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Respir Physiol. 1990 May-Jun;80(2-3):279-97.

Control of ventilation in the hypercapnic skate Raja ocellata: II. Cerebrospinal fluid and intracellular pH in the brain and other tissues.

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Department of Biology, McMaster University, Hamilton, Ontario, Canada.


This study examined the possible role(s) of central acid-base stimuli in the increase in ventilation induced by hypercapnia in the skate, a response that is not due to an O2 signal (Graham et al., Respir. Physiol., 1990, 80: 251-270). Skate were sampled for cerebrospinal fluid (CSF) acid-base status, intracellular pH of the brain (14C-DMO method), and pHi in other tissues throughout 24 h of exposure to PICO2 = 7.5 Torr. CSF PCO2 rapidly equilibrated with the elevated PaCO2. Despite the much lower non-HCO3- buffer capacity in the CSF, CSF pH was not depressed to the same extent as blood pHa. CSF pH was also regulated rapidly, returning to control levels by 8-10 h, whereas pHa remained significantly depressed at 24 h. Similarly, the pHis of the weakly buffered brain and heart ventricle were initially compensated more rapidly than those of more strongly buffered white muscle and red blood cells. However, brain pHi adjustment slowed markedly after 4 h and stabilized at only 70% compensation by 20-24 h, suggesting that brain intracellular acidosis may play a role in the long-term increase in ventilation. CSF and brain were the only compartments which did not exhibit an apparent compounding metabolic acidosis during the initial stages of hypercapnic exposure. While these results illustrate the primacy of central acid-base regulation, they do not support a role for CSF pH in the long-term elevation of ventilation in response to hypercapnia. Depressions in pHa and brain pHi appear the two most likely candidates for proximate stimuli.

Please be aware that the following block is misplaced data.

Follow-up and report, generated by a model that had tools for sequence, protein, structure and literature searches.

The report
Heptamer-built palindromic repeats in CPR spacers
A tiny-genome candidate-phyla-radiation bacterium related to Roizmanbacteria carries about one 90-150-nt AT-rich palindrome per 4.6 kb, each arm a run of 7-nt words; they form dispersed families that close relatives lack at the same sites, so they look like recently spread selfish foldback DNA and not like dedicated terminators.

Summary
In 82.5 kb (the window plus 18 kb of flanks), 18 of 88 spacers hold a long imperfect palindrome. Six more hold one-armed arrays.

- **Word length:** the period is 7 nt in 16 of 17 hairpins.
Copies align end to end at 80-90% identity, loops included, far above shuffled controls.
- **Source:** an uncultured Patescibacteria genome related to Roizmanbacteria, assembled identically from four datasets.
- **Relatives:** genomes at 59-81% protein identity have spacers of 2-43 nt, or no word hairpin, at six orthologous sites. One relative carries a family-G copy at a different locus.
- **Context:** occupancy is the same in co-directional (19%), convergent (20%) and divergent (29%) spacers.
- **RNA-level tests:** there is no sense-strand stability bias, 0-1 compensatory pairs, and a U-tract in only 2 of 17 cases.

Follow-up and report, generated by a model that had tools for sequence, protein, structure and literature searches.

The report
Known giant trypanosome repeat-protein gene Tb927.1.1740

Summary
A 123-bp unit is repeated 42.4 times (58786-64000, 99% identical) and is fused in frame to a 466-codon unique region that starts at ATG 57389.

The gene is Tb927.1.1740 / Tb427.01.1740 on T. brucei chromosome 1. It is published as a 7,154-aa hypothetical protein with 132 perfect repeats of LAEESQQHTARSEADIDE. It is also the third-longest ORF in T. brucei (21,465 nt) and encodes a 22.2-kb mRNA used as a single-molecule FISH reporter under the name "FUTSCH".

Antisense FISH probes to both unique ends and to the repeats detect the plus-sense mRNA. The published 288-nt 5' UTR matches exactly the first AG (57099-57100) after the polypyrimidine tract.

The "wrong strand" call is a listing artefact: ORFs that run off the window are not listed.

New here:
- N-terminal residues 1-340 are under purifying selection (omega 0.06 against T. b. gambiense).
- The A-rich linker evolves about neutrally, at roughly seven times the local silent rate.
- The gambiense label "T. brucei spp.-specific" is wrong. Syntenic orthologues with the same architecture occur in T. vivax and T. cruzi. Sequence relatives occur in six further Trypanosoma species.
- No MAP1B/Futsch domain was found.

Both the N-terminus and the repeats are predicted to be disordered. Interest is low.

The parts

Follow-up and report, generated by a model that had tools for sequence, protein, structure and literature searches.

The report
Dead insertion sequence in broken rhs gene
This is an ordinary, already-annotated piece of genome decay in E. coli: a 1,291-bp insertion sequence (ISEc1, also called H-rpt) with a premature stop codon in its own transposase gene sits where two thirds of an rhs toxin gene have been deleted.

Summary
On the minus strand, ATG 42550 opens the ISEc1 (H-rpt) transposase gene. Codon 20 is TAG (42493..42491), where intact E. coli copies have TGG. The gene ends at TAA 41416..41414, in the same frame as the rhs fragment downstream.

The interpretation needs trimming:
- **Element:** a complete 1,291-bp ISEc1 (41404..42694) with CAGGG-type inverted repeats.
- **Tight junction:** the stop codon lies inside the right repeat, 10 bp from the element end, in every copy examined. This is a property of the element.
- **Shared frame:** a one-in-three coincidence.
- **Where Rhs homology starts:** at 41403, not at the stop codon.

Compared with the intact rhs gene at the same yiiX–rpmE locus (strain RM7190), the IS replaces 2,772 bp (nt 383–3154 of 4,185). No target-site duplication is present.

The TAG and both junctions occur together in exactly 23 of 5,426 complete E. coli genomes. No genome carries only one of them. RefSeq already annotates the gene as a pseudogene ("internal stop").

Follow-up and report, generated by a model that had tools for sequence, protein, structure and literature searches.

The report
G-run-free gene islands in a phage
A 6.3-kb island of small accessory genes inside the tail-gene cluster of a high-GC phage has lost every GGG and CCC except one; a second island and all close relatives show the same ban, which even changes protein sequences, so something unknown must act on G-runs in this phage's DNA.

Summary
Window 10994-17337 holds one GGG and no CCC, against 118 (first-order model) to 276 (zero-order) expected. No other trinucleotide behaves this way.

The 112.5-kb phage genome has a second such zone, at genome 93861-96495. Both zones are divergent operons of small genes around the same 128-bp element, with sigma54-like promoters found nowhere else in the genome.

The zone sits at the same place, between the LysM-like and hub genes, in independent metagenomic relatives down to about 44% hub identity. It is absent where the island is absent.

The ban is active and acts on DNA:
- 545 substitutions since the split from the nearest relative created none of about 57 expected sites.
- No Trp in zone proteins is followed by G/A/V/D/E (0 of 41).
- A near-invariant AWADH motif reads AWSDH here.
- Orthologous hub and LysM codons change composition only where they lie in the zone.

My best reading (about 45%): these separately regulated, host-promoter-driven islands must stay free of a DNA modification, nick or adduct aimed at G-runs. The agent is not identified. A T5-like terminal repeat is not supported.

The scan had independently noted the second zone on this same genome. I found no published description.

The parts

[Indexed for MEDLINE]

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